“It’s a cultural thing and an inspiration to young kids. When you have on your team all players who haven’t lived in the country that they represent, it’s not great.

“There are special cases when people move when they’re 10 years old or whatever, but going back to a country when a player is taken, like they are doing now, from an academy in Tonga and putting him to play, say, in an Ireland shirt. I’m against it, I think it’s not right.

“I would love him to play for Tonga, to make money in Tonga and live well. When I see the national anthem and people not singing it, it confuses me a little bit.

Agustin Pichot Pichot is the incoming vice-chairman of World Rugby. Source: Billy Stickland/INPHO

“I don’t see in the near future Argentina having players from other countries. That could change and I’m not the owner of Argentinian rugby. The board could say ‘today, we’re going to have an Argentinian Fijian’.

“I haven’t seen one in Argentina, but maybe one day we’ll bring one and he’s playing in Japan at the [2019] World Cup, but I don’t see it happening. It’s a decision that countries take.”

The newly-elected Pichot, who has played a leading role in Argentina’s rise within rugby, is clearly deeply passionate about the issue and his words will be happily welcomed by many supporters who are growing disillusioned with Test rugby.

Only minutes before Pichot outlined his feeling that the three-year residency rule is wrong, World Rugby CEO Gosper had stressed that the organisation does not believe that change is required.

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The issue was examined by World Rugby as part of their most recent council meeting, in the wake of the 2015 World Cup, but Gosper said that the majority consensus among member unions was to keep the rule as is.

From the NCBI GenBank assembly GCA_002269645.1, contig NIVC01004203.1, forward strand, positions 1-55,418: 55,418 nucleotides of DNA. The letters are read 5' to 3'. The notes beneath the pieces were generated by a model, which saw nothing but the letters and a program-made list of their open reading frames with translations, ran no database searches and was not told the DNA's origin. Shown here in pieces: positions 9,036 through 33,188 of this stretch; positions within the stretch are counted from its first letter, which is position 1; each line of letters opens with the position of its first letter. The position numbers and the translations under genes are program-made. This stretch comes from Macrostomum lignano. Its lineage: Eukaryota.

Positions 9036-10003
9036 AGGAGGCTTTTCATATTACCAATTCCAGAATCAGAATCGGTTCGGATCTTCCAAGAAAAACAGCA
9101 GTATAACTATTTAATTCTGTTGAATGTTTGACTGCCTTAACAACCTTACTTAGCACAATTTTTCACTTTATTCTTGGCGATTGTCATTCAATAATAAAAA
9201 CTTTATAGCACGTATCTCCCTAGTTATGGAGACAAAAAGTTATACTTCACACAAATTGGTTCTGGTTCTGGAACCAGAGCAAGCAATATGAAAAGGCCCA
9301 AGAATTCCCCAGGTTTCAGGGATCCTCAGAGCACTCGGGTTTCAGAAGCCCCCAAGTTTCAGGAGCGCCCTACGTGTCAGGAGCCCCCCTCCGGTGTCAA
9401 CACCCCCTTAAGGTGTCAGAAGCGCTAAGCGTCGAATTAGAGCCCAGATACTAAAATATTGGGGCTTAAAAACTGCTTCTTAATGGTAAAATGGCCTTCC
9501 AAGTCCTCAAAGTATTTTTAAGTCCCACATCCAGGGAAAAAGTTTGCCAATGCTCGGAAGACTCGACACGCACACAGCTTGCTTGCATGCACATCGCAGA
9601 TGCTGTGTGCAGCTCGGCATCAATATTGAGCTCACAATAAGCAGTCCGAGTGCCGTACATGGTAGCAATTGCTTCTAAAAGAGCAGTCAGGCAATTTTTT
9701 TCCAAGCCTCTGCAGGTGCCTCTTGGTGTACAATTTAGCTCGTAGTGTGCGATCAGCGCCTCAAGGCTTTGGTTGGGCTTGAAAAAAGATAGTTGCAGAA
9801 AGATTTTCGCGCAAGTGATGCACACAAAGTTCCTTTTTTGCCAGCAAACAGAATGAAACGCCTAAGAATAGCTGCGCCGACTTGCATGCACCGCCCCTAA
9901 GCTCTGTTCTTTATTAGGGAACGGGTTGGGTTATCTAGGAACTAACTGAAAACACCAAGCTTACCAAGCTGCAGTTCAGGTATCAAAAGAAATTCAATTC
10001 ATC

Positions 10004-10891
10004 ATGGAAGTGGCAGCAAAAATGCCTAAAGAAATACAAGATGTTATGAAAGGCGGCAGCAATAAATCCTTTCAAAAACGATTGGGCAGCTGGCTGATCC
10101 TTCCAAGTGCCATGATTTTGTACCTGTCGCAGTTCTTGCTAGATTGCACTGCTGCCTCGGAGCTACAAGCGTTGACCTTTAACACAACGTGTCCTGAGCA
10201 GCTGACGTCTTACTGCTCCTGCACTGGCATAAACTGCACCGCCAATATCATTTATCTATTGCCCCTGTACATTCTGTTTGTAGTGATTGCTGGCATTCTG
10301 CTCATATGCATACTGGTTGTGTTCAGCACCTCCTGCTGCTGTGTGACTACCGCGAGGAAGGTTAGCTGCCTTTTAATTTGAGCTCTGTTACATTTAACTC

“There didn’t seem to be any appetite to change that,” said Gosper. “There was a consultation with the unions and at this stage it’s the status quo in that area.”

Gosper said that World Rugby’s view on the matter is “the view of all of the member unions,” but did go on to state that the organisation’s executive committee could have the power to make a change if it felt that it was urgently required.

The World Rugby CEO argued against the notion that the international game is being eroded by the three-year residency rule.

“I think the day that the integrity of the international game, when people don’t believe they’re watching a bona fide international, then you’ve got problem,” said Gosper. “We’ve got no sign of that.

Brett Gosper Chief Executive World Rugby 1/3/2015 Gosper said rugby unions are not in favour of changing the three-year residency rule. Source: ©Inpho/Billy Stickland

“There is no research or evidence that would back up a movement up [in the required residency period]. That could change over time. The integrity of the image of the sport, as an international sport, with bona fide players and countries playing against each other is definitely intact.

“The erosion we would judge by what the fans feel and you’ve just seen a World Cup where the fans are not thinking ‘this is a hoax’.

“If we see elements of an image erosion around the integrity of the game, it’s something that will have to be addressed. Right now it is what it is and there is no immediate plan to review that, but let’s see what the new group feels.

“It may be reviewed in the future, but right now it’s staying where it is.”

Watch this space.